MARTINSBURG, W.Va. --
“I started writing in 2008,” said U.S. Air Force Senior Airman Cody Eichelberger, an Airman assigned to the 167th Airlift Wing Security Forces Squadron, and part-time author. “I read a lot of Stephen King and Clive Barker back then. I would have to say Stephen King’s ‘Children of the Corn’ was my favorite growing up, which really sparked my interest with writing at a young age.”
Eichelberger has written a total of five novels in his time as a writer, but has only published two. He published his first book, ‘Elephant Bones,’ as an experiment to see if people would like his work. After the book was successful, he requested it be removed from the market. Shortly after, he published his second book, ‘Burnt Chapel,’ which is still available today.
After publishing two novels, Eichelberger decided to shift his focus to writing short stories instead. After publishing several short stories, he quickly gained a substantial following. One of his short stories from this year, ‘Dark Season,’ placed number 10 on the Top 100 Short Stories List. This achievement has invigorated him to continue writing.
“I was surprised, really,” stated Eichelberger. “It sold more copies than I had expected, and once ‘Burnt Chapel’ was released, people wanted more. Now that I’ve moved to short stories, my writing has started booming. After this year with two stories published, I plan to publish four to five a year.”
After publishing several books, Eichelberger started to gain broader recognition. This uptick in popularity hasn’t affected his mentality on writing, however, which has remained primarily the same as when he started.
“It’s like sitting on a cloud,” explained Eichelberger. “I’ve been requested to speak at book tours and sign autographs. It’s a surreal moment, but it’s never about the money. I find as soon as you write for money, you’re doing it for the wrong reasons. It then becomes work, not for enjoyment.”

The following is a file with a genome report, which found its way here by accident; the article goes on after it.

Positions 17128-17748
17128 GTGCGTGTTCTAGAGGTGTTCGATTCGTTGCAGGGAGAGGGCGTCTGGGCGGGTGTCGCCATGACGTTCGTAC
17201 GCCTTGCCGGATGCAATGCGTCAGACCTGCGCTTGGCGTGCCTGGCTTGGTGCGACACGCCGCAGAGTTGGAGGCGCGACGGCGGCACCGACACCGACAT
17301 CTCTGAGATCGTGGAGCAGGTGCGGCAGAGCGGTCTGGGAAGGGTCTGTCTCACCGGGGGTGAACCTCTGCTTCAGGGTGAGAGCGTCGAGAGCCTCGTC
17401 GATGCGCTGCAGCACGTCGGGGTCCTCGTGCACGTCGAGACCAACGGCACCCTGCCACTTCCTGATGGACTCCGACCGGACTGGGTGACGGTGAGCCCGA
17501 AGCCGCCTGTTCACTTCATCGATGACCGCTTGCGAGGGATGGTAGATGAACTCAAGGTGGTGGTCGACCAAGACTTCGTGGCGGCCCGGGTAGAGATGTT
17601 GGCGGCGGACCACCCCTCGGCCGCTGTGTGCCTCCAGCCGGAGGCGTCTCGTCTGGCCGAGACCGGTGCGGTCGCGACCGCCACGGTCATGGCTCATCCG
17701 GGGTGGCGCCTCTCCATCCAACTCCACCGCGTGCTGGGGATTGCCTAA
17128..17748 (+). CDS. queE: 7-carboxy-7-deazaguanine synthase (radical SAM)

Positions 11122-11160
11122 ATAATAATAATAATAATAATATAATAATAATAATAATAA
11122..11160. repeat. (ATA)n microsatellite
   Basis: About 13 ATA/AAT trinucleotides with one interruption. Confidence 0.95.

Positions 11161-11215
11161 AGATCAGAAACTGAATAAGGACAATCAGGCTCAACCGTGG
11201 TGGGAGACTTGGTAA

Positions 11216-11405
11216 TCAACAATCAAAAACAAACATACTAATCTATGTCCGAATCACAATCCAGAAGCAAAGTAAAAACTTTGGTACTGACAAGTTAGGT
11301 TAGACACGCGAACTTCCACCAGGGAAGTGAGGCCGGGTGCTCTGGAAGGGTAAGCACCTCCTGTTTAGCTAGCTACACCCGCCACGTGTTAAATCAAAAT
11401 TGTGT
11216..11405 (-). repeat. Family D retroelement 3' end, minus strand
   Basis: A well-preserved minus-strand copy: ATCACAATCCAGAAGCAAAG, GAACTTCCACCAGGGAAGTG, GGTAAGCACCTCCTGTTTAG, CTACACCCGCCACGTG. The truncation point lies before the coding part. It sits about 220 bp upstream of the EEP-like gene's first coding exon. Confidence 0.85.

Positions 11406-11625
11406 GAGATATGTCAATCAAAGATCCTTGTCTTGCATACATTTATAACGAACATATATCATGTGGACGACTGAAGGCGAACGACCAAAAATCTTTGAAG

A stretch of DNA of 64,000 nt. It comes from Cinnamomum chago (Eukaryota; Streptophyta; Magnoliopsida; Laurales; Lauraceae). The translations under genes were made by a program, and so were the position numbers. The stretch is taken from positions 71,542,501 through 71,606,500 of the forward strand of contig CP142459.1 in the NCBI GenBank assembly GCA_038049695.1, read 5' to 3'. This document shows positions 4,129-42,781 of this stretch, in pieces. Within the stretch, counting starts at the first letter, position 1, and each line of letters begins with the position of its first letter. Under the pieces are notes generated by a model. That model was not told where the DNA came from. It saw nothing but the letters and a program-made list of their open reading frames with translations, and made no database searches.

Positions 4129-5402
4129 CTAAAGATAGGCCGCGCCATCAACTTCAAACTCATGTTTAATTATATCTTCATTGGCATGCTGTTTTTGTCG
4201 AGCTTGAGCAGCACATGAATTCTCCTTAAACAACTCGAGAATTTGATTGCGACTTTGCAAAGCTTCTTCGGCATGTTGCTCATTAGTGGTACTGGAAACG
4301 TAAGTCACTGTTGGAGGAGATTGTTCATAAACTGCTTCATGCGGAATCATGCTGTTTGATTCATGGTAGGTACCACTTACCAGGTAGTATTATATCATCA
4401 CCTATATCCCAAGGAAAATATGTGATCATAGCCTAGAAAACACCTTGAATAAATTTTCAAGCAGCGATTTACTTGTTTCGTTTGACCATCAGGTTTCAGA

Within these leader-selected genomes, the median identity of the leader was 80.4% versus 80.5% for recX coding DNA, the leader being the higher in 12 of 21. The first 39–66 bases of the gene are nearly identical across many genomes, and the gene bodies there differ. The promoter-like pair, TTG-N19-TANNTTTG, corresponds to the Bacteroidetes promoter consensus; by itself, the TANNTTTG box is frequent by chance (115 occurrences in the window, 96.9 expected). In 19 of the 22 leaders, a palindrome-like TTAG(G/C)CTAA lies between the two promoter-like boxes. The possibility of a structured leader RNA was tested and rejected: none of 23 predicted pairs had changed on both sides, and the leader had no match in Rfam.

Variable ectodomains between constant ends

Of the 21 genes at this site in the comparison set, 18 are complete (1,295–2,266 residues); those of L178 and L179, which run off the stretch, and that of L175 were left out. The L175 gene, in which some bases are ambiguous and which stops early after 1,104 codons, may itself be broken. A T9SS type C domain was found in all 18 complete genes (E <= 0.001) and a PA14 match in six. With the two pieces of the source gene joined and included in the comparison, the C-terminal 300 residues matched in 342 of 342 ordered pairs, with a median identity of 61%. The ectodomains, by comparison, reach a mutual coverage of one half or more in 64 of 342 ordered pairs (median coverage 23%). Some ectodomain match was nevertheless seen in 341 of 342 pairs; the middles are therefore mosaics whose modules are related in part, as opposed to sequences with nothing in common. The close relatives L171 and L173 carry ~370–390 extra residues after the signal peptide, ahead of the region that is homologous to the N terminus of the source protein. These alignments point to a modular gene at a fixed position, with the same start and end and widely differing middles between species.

After having hit such a high point of success, Eichelberger began to feel the heightened expectations of his fanbase. He stated that there was a much more apparent feeling of pressure when he started his next book.
“‘Dark Season’ had placed high expectations,” Eichelberger said. “So, as a horror writer, sometimes you have to raise the stakes a little higher than the prior stories in order to attract attention.”
Eichelberger explained that publishing his first book was a learning experience. The lessons he learned from it helped him to write following books, and to overcome the new pressure he felt while writing.
“Never give up,” Eichelberger said. “Many writers give up because they don’t receive the recognition. However, the more you write, the better you get. The more stories you publish, the more you stand out.”
Eichelberger believes writing for the correct reasons is important to becoming a published writer, and that patience and dedication are needed, as well. He explained that writing for the wrong reasons can lead to discouragement, and the writer not being invested in their work.
“Read every day, write every day and find a case of patience,” continued Eichelberger. “If you develop writer’s block, cry over it for five minutes, take a walk, then get back to it. Don’t ever give up. If you give up, you’re doing it for the wrong reason. If you’re doing it for the wrong reason, save yourself the time and find a new hobby.”
Even through the more rough periods of his time as an author, Eichelberger continued to enjoy his work. He stated that he continues writing due to his love of the process and the satisfaction he feels from it.
Eichelberger often spends time outdoors to develop ideas for his stories. Once he has an idea for a story, he starts to formulate a storyline using real people he knows. After his ideas are written out, he often writes four to five drafts before settling on the final product.
“When the final draft is finished, it’s a different feeling, as if you now have another child in the world,” explained Eichelberger.
Eichelberger’s goals in writing have stayed about the same since he started in 2008. He explained that he doesn’t intend to stop anytime soon, either, as he desires to reach his objective.
“My goal is to look back on life when I’m 80 and say, ‘Yeah, I did that. I’ve written sixty-some horror stories and people liked them,’” shared Eichelberger. “One of these days, I’m sure I’ll know when to stop, but I can assure you, it’s not anytime soon. I have hundreds of ideas. All that needs to be done is to write them into stories and publish them.”